Protein Basics

On January 15, 2010, in Protein, by Andrea


As important as it is, protein is perhaps one of the most confusing topics in the WLS world – even though there is a ton of research and information available about it out there.

Protein is an important macronutrient required to help maintain and build muscle mass within the human body.  Without protein, the body will not have the requisite materials to keep the heart beating, legs walking, or arms moving.

Protein, during digestion, is broken down into it’s components to provide amino acids.  Amino acids are building blocks of proteins and are critical in various biochemical reactions throughout the body on the molecular level – without them, our mood, energy, brain function, ability to move, EVERYTHING is affected.  Some of these amino acids can be synthesized by the body using other amino acids as building blocs, but there are nine according to one accepted classification (eight by another, even ten by even another) that must be provided by the diet called Indispensible Amino Acids (IAA’s) or essential amino acids.  The IAA’s are:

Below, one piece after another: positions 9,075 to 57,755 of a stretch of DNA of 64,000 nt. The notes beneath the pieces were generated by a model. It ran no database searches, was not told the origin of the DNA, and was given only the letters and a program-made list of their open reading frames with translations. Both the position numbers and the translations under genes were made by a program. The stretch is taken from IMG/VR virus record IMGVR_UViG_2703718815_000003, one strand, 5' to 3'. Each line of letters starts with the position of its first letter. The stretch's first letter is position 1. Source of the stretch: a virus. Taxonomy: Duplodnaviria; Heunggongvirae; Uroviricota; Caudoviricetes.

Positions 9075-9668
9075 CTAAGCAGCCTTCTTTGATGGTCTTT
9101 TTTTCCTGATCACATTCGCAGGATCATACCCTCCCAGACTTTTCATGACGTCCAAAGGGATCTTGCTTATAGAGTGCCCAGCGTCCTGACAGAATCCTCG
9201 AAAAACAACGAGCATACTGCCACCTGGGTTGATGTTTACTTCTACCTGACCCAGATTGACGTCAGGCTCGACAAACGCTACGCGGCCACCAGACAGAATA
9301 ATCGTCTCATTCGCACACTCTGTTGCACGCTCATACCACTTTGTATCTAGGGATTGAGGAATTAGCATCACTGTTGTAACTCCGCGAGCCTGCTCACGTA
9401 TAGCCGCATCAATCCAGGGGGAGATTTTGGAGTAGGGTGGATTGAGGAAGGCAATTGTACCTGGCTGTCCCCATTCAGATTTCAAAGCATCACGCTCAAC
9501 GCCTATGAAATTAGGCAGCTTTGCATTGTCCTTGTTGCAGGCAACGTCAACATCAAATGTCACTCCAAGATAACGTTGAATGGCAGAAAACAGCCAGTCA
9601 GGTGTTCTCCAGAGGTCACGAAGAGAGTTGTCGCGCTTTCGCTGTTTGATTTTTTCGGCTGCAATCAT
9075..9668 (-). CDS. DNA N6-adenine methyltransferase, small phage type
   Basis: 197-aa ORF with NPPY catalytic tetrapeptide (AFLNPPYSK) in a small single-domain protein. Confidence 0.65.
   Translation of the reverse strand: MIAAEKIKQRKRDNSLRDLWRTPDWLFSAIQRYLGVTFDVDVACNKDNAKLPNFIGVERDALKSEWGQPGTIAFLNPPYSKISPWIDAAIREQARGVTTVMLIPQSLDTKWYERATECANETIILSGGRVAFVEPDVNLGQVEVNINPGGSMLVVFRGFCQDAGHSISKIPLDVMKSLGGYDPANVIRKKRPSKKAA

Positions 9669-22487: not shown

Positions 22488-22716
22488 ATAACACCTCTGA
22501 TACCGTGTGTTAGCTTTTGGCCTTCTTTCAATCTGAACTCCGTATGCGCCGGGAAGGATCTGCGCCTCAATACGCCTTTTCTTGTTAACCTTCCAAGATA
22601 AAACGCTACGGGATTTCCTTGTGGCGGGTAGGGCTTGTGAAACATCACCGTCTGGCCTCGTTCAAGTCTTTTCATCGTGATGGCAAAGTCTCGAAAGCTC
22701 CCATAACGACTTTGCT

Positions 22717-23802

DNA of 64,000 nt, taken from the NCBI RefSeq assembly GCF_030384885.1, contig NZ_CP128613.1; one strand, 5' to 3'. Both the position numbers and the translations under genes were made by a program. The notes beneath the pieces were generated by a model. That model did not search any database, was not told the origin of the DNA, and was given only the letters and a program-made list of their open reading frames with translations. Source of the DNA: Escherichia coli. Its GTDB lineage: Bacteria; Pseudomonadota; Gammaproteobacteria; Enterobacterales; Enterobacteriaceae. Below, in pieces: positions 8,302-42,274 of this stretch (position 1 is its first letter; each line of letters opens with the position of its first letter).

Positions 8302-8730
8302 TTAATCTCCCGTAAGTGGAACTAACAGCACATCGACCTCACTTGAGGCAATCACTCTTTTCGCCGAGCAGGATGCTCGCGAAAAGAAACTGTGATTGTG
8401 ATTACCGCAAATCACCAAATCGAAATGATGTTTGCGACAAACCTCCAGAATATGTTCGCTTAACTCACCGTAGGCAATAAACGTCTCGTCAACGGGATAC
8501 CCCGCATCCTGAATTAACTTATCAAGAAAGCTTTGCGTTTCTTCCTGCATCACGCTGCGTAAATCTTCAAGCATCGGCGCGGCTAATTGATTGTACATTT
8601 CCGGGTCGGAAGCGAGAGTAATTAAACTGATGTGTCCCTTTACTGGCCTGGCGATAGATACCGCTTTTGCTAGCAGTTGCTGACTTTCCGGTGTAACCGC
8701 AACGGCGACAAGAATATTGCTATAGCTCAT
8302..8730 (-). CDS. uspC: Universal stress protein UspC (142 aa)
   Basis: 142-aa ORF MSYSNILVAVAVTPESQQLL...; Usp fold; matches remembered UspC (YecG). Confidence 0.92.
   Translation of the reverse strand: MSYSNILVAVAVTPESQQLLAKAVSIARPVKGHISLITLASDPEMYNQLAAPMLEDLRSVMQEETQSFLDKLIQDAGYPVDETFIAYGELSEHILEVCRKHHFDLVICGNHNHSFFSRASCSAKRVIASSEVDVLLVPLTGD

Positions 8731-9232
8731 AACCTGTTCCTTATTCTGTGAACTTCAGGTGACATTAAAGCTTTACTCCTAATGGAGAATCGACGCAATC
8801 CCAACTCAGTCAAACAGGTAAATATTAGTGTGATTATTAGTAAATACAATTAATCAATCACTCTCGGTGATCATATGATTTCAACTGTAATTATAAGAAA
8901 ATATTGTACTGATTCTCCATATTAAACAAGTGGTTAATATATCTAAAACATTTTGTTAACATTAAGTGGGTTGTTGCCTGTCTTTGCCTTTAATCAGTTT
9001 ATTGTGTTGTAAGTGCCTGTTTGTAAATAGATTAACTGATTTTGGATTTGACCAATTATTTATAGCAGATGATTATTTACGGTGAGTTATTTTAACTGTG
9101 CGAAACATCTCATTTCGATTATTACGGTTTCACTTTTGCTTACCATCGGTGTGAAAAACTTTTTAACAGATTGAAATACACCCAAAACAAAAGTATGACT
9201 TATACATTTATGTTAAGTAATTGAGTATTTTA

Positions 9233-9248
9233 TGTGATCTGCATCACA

• Isoleucine
  • Leucine
  • Valine
  • Histadine
  • Lysine
  • Methionine
  • Phenylalnine
  • Threonine
  • Tryptophane

Additionally, there are three conditionally indispensable amino acids, so-termed depending on the body’s ability to synthesize them.  They are:

  • Arginine
  • Cysteine
  • Tyrusine

Lastly are the dispensable amino acids.  These are amino acids the body can synthesize given that it has enough of the basic building blocks to create them.  These are also found in food and supplements — the body does not have to create these if we consume enough in dietary or supplemental sources.  The DAA’s are:

  • Alanine
  • Aspartic Acid
  • Cystene
  • Glutamic Acid
  • Glutamine
  • Glycene
  • Ornithine
  • Proline
  • Serine
  • Taurine

The content and ratio of these amino acids in your foods and protein supplements are the things that control the quality of the food or supplement that you are ingesting.

Bioavailability of protein has been measured in a number of ways for years.  Rats have been fed various diets and their fur growth has been measured as a way to determine digestibility of protein – this especially rings true as the standard test for protein in foods and supplements actually looks for nitrogen, not protein.

Depending on the industry, you are likely to see any number of protein quality measurements – of course using the one that makes their particular product look best.